by a litigant through a court order granted because of delay or default: see
Halton Community Credit Union Ltd. v. ICL Computers Canada Ltd., supra.
. . . . .
Even when the order dismissing the action was made for delay or default and
not on the merits, and even when the party relying on the order could still
defend itself despite the delay, it seems to me that at some point the interest
in finality must trump the opposite party’s plea for an indulgence.
. . . . .
I agree with the Master that, when viewed in the light of a delay of this
magnitude, the security of the legal position obtained by the appellant
becomes an important factor to consider. Five years after the action against it
had been dismissed, the appellant was entitled to rest on the assurance that
the judicial system had disposed of the respondents’ claim once and for all.
 As such, in considering the fourth Reid factor, the master
was required to address
( i) did the appellants satisfy their onus to establish no signifi-
cant actual prejudice to the respondents’ ability to defend the
action as a result of the appellants’ delay; and
( ii) whether in light of the delay, the principle of finality and the
respondents’ reliance on the security of its position should
nevertheless prevail. See H.B. Fuller, at para. 28.
 There is no need to resort to presumptions or inferences of
prejudice. The question as described by Sharpe J.A. in Marché is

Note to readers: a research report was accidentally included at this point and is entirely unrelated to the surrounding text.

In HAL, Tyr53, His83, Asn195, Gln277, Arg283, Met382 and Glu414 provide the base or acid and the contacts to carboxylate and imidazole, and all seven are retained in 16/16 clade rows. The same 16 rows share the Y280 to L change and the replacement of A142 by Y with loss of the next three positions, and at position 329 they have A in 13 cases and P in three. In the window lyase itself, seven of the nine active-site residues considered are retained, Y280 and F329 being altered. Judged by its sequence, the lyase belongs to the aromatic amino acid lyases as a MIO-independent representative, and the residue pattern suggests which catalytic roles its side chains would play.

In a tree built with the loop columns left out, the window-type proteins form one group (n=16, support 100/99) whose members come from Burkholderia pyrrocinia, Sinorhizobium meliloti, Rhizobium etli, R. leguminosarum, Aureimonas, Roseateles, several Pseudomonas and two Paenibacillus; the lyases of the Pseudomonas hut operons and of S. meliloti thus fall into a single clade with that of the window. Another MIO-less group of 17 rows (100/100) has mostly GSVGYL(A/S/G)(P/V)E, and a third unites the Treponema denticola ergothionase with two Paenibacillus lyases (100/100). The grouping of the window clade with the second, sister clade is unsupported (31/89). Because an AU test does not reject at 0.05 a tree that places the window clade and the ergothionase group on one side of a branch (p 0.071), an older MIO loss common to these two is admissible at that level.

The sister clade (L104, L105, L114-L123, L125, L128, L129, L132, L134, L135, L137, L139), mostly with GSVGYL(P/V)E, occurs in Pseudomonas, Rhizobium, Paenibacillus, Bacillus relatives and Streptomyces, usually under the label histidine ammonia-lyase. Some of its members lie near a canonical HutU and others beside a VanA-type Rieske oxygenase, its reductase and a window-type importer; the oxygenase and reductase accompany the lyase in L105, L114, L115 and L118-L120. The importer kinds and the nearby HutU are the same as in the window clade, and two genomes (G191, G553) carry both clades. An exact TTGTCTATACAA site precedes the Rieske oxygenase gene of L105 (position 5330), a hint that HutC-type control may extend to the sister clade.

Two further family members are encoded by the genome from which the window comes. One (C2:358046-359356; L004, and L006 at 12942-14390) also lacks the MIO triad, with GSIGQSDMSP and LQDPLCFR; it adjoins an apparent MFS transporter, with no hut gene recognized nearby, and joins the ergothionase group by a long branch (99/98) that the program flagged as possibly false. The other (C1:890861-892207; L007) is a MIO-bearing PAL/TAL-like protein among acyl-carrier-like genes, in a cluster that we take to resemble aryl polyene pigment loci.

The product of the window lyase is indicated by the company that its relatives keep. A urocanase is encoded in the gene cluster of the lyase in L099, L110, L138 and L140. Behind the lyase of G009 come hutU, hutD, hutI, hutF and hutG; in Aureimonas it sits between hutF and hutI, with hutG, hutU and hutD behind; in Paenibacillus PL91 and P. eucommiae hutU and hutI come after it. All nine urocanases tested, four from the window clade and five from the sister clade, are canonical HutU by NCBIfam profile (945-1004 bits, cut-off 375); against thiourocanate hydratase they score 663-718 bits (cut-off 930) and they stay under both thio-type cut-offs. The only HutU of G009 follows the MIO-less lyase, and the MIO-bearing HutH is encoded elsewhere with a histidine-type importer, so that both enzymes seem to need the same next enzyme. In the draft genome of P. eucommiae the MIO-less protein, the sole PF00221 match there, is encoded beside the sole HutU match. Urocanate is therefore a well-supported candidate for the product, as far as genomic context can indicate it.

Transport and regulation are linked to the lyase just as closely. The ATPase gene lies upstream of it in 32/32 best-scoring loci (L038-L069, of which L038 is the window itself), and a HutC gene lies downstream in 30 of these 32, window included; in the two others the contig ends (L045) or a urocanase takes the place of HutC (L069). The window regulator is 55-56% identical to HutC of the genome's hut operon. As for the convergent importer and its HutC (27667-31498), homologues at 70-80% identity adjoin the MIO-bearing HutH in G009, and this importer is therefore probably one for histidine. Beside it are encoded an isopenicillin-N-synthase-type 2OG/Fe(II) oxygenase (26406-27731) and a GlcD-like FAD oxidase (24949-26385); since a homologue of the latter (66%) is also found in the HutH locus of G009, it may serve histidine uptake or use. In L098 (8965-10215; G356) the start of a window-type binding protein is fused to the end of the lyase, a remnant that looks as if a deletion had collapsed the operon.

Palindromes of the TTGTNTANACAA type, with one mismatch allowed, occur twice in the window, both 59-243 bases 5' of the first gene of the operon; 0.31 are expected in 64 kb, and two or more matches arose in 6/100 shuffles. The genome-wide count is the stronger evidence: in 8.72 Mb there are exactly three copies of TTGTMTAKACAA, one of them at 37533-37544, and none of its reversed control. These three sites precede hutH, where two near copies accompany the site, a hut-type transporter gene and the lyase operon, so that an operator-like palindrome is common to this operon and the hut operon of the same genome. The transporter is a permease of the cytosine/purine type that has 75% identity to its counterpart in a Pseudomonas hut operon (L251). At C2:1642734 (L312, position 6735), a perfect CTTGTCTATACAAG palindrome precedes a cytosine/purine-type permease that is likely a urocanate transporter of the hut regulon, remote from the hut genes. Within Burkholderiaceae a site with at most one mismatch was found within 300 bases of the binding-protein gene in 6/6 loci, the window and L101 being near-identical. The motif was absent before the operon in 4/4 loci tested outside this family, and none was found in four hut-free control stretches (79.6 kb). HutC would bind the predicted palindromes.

simply whether the interest in finality must trump the opposite
party’s pleas for an indulgence.
 The SCJ acknowledged in her reasons that the master
addressed the issue of prejudice but maintained that the master
erred in failing to consider the finality principle. I agree with this
 The master did address whether either of the respondents
had suffered any significant prejudice in presenting his case at trial
as a result of the appellants’ delay or as a result of steps taken following the dismissal of the action and properly placed the onus on
the appellants to establish that the respondents had not suffered
prejudice. However, he did not consider the finality principle.
 Coupling this failure with the master’s consideration of the
incorrect context, the blame allocated to the respondents, and the
absence of any evidence from the appellants, the SCJ was correct
in setting aside his decision and considering the merits of the
motion anew. Her conclusion is effectively captured, in para. 51 of
More than eight years ago, the plaintiffs were involved in a minor car acci-
dent; all three vehicles drove away from the accident. The lawyer issued